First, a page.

During the twenty years that Mr. Stroudley held the position of Locomotive Superintendent to the Brighton Railway, he succeeded in raising himself to the very front rank of English mechanical engineers. His early career was such that he had no opportunity of obtaining what is termed technical education. Professors of engineering never taught him anything; in a letter accompanying his application for admission into the Institution, he said, with proud humility : 'I am the son of a working-man, and have been a working-man myself.' His mathematical attainments were of the most moderate description ; and yet it may be doubted if that which Mr. Stroudley did not know was, for the engineer, worth knowing. Above and beyond most men, he possessed a special power of not only doing the right thing in mechanical engineering, but of doing it in the right way. He wanted to know the reason for everything, and was always ready to give a reason for what he did.
He continually and persistently went to the roots of things, and from these he worked upwards. For instance, he found that on the Brighton Railway, as on others, carriage- and wagon-axles broke constantly. They always broke at the same place - the junction of the journal with the wheel. He cast about till he found the reason. Then he eliminated the cause, and as a result, to all intents and purposes, broken axles disappeared.
His early experience with locomotives showed him that the paramount defect of such engines is being short of steam. Given steam enough, and almost every other defect becomes endurable. Consequently, he adopted what may be termed lavish proportions for his boilers, and the result was one which he never regretted.
A lesson once taught him by experience, he never forgot ; it was stowed away in a stupendous memory, and acted upon when the occasion arose. Thus, for example, a fireman was killed while standing on the tender by his head coming in contact with an overhead bridge. Mr. Stroudley resolved that this class of accident should become impossible in the future. A man may now stand where he pleases on the tank, his head will clear a bridge by a foot. He found that the wheels of the tenders were different in diameter from those of the engines, and he asked himself if there was a good reason for this ; finding that there was not, he designed all his engines with carrying-wheels of the same diameter as those of the tenders. The axles and journals are the same, and thus they are all interchangeable.
He inquired why coupled engines should have the outside cranks radially opposite to the inside cranks. The answer was that they then balanced each other; but he also saw that the stresses in the driving axle-boxes were very much augmented; so he put the coupling cranks at the same side of the centre as the inside cranks, and forged suitable balance-weights inside the wheels. The results were all that he expected.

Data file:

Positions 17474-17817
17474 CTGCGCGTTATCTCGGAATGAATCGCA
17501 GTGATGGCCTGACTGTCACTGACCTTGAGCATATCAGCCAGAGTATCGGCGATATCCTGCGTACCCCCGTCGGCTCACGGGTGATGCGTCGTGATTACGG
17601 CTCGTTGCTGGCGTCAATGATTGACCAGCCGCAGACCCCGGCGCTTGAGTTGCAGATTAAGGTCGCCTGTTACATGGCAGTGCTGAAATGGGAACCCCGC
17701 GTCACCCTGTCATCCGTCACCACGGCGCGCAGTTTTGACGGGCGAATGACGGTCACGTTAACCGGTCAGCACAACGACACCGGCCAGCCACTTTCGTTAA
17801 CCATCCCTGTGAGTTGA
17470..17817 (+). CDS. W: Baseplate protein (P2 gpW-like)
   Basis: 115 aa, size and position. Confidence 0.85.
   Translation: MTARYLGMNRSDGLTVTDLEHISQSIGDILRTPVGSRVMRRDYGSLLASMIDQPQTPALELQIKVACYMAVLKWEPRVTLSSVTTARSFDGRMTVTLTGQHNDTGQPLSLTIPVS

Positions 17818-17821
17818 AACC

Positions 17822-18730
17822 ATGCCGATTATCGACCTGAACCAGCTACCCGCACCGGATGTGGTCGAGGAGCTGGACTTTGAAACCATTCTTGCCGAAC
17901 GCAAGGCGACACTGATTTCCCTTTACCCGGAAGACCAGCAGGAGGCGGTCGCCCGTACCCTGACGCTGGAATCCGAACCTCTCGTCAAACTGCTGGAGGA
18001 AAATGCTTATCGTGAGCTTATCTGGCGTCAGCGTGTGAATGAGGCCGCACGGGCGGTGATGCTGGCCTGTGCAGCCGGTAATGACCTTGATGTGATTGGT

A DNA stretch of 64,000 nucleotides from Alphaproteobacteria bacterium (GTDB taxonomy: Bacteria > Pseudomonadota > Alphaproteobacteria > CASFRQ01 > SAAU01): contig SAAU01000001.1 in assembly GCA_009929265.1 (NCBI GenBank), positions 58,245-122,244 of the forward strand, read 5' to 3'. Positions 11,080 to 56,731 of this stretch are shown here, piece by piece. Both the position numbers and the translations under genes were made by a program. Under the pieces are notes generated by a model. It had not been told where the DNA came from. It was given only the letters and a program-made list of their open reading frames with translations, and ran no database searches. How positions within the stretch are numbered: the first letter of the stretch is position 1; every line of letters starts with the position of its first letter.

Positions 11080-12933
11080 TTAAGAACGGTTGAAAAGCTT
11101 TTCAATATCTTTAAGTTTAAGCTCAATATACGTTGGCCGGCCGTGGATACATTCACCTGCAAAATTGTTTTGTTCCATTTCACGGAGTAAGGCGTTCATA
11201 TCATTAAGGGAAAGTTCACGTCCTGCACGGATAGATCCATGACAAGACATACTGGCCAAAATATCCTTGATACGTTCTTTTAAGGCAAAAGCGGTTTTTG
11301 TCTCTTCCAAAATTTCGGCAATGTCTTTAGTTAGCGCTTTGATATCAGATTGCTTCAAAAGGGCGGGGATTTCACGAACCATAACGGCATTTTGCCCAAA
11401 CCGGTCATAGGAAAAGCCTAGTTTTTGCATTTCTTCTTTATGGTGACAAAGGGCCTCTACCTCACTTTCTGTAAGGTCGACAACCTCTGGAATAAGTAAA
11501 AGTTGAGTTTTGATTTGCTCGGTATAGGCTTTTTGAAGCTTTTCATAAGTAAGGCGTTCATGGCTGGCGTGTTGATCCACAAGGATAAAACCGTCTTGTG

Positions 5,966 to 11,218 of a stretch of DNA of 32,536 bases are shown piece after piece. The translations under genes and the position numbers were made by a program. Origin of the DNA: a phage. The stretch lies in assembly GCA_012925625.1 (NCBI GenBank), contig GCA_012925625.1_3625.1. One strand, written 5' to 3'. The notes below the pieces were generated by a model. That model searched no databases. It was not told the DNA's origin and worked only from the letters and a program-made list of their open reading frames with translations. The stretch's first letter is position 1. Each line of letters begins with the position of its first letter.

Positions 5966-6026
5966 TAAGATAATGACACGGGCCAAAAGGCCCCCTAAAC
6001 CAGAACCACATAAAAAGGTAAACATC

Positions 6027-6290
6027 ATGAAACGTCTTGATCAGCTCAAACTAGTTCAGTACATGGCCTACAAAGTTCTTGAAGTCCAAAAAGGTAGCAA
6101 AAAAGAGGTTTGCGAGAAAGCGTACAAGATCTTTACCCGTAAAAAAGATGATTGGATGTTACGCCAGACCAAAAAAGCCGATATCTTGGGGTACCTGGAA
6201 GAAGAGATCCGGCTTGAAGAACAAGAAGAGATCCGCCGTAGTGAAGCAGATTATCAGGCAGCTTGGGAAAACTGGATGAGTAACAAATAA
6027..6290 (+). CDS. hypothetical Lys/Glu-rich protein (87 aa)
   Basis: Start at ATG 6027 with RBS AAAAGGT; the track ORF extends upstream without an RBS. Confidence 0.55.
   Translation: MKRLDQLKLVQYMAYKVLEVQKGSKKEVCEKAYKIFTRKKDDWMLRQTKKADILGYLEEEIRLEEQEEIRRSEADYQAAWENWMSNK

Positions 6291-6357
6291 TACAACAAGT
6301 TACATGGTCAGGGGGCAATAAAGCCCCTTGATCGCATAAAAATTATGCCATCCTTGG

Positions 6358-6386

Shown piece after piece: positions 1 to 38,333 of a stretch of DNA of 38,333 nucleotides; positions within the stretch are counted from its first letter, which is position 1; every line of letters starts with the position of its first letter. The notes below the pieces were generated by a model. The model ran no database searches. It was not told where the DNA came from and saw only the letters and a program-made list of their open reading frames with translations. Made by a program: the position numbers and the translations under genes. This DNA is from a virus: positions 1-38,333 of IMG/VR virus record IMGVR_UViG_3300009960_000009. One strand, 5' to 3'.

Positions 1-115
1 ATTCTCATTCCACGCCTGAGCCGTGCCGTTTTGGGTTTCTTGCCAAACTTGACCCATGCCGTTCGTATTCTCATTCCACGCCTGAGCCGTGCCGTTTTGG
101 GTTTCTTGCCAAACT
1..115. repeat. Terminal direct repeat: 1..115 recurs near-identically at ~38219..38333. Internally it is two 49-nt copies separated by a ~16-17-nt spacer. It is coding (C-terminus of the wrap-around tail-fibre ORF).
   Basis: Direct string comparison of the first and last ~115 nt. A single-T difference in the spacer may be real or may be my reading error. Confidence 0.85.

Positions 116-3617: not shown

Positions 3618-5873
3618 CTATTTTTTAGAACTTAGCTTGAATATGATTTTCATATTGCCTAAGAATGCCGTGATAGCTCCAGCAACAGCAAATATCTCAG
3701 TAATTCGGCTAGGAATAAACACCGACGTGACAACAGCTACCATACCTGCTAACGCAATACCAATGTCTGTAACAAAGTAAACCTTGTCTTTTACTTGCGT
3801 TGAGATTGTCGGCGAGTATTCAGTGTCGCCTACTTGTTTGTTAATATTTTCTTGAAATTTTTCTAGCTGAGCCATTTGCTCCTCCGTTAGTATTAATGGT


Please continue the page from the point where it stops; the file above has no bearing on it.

Now and then he adopted experimentally things about whose success he had doubts, but he always so managed that the evil consequences of failure should be minimised. Showing to a friend certain long bogie passenger-coaches, he explained that they had been built in deference to the wishes of others in authority. 'I am not quite sure whether they will suit our lines,' he said, 'but they are just twice as long as our ordinary stock, and if they don’t answer I’ll put a hand-saw through them, and so make two bodies out of one.'
Mr. Stroudley had an intense and truly refined sense of mechanical fitness. On him a faulty, ill-designed, or unmeaning detail had the same effect as a discord on a musician, and he valued good workmanship next to good design. He carried his views on this point almost to an extreme. He mould never tolerate the least leak about a locomotive ; and it is scarcely too much to say that no one can tell by looking at one of his engines, standing, whether it is in steam or not, unless the safety-valves happen to be blowing off. He invented many things, but his skill and talent mere more fully manifest in what is known as 'scheming' than in inventing. He would take sheet after sheet of drawings, and give a definite reason why each separate detail was made as he had made it, and not in some other way or of some other shape. It was quite possible that the listener did not agree with him; that might be a matter of opinion, but there could be no doubt of the honest sincerity of purpose which prevented him from ever adopting any shape or form, or proportion, or thing, because it would do well enough.
'Nothing did well enough' for Mr. Stroudley. He manifested wonderful powers of selecting the best of several solutions of a difficulty - not only the best mechanically, but the best and most suitable all round. He was always ready to adopt and acknowledge what was good. Thus, for example, being satisfied that the Westinghouse brake was the best for his purpose, he introduced it on the Brighton line, modifying it where necessary. In steamships he accepted the compound system as the best possible, but he would not use it for locomotives. He did not reject it blindly or without reason. He maintained persistently that there were circumstances and conditions under which it would do good service, but that these did not exist on the lines under his control.
He believed that a big boiler would always give as good results with a non-compound engine, as could be got with a smaller boiler out of a compound engine ; and he pointed to his coal-bills, asking if any locomotive superintendent could beat them.